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Mystical Bridge is Practical Divorcee

An article appearing in Furman's student newspaper, The Paladin, dated November 16, 1963. The author takes a satirical approach in describing a meeting of the South Carolina Baptist Convention and its reaction to the Furman Trustees' resolution authorizing Furman to admit all qualified applicants regardless of race or color.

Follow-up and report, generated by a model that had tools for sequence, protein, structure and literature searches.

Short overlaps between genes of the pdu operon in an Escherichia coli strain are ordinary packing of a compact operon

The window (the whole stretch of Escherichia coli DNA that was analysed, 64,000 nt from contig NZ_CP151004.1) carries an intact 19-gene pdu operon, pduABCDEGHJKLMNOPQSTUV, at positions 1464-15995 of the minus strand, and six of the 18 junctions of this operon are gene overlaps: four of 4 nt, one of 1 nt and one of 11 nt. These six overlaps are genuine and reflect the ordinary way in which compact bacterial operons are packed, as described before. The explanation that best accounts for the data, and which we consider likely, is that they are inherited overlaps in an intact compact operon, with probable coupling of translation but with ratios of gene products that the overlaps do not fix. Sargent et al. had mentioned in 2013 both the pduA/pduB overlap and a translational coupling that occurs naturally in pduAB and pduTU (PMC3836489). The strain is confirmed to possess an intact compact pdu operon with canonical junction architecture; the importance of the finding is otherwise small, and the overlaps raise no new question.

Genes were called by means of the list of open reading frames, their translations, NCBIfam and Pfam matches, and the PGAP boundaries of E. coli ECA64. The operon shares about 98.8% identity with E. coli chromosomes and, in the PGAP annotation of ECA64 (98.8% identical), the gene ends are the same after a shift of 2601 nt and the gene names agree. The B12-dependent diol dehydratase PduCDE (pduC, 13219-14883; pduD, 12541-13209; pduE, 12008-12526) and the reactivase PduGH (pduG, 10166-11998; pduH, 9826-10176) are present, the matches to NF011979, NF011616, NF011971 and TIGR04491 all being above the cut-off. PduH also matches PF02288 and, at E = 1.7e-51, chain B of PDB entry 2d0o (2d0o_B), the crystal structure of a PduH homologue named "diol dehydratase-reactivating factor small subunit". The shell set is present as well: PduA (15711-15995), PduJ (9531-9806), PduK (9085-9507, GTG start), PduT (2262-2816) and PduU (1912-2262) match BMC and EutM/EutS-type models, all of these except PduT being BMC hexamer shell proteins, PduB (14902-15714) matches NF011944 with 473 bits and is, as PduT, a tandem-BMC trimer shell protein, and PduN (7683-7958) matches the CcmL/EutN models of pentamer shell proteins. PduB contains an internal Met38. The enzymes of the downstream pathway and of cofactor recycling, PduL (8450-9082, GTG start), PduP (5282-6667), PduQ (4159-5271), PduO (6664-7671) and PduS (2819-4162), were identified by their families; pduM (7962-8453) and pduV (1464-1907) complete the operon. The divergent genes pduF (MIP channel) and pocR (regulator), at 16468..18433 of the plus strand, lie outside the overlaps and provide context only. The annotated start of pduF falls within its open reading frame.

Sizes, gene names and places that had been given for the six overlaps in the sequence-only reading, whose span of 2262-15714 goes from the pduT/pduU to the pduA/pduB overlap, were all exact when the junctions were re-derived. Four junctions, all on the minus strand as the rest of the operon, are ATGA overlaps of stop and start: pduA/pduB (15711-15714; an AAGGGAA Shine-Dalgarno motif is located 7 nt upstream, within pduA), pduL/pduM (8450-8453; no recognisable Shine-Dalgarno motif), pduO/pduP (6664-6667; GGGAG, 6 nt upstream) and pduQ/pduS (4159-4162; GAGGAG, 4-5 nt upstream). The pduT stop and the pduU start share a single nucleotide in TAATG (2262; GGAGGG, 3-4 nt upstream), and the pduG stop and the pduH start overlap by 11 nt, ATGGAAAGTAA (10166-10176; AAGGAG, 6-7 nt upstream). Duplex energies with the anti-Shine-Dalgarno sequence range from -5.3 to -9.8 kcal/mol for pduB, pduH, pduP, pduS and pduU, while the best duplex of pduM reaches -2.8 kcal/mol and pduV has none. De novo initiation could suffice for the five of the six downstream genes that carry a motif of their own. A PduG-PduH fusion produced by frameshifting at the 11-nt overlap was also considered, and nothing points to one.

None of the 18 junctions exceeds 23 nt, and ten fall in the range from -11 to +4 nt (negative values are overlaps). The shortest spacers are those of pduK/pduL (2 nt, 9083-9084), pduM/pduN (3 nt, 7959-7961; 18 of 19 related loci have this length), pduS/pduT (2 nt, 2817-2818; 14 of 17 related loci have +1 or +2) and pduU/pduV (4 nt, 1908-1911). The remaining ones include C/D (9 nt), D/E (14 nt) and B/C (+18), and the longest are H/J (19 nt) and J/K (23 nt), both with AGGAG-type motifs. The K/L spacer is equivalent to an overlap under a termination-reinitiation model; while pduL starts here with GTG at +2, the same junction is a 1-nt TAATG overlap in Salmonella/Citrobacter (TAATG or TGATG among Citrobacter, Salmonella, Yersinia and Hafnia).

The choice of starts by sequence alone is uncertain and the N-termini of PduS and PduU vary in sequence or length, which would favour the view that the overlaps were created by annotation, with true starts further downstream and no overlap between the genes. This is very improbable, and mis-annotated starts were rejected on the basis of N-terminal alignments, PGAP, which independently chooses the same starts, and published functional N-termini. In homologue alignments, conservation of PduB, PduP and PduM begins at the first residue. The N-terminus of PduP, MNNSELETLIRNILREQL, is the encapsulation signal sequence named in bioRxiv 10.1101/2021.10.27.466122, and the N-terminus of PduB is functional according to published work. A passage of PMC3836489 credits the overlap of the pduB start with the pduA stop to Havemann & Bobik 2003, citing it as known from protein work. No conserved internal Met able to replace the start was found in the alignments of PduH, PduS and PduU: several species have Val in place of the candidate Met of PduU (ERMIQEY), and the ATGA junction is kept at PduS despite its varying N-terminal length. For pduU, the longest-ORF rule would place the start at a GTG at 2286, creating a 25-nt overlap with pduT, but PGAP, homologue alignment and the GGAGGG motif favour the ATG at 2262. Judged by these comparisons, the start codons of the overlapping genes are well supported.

Mystical Bride Is Practical Divorcee -- By JIM EDWARDS -- CHARLESTON -- In the three short days of the South Carolina Baptist Convention, that unquiet segment of the mystical bride of Christ succeeded in obtaining a quick Nevada-style divorce. The separation was not without bitterness, but the custody of the children was no problem: they were merely abandoned. No one could say the convention was dull. From the outset it was pervaded by that strange electricity that subtly marks all controversy. Some of the good messengers in Charleston seemed anxious to get the "real" issue settled and to forget about such minor concerns as propagation of the gospel, overcoming the world and loving one's neighbor. It was indeed inspiring to see such staunch dedication and such clear vision in our leaders, the honored keepers of our storied religious heritage. The honorable messengers lost no time in bringing up the vital Furman-admissions policy. The Florence Baptist Association moved that the matter of admissions be left entirely in the bands of the Furman trustees; but as information Paul Craven informed the convention of a Charleston Association recommendation that all S. C. Baptist institutions adhere to the same policy in regard to race and that Furman be directed to defer action until overall policy for the state had been adopted. What a vision! At the Tuesday afternoon business session, Harry Weaver asked that the Convention affirm belief in "the virgin birth, the precious doctrine of the Bible and the American way of life." It was also recommended that the Southern Baptist Convention screen all its speakers to weed out all heretics, liberals and communists. The battle was stalemated until Wednesday, but few changes were made in a proposal from the General Board that Furman wait to integrate until further investigation of the matter can be made. Julian Cave, amid bursts of secular applause and pious "amens" used chop logic to say that integration will raise more problems than it will solve and "God forgive our attempt to stay safe!" Billy Beason thought the Convention was being caught up in a whirlwind of communism and NAACP efforts (apparently in connection with the discussions on integration and Furman) and urged the 1963 convention to take action on the infiltration. Piety and alarm are no excuses for ignorance, and the whole tone of the meetings was one of zealous piety and impassioned ignorance. The messengers were highly anxious to do what was "right" for Furman; but somehow neglected to ask administrative officials of the University what was, in reality, best for the institution.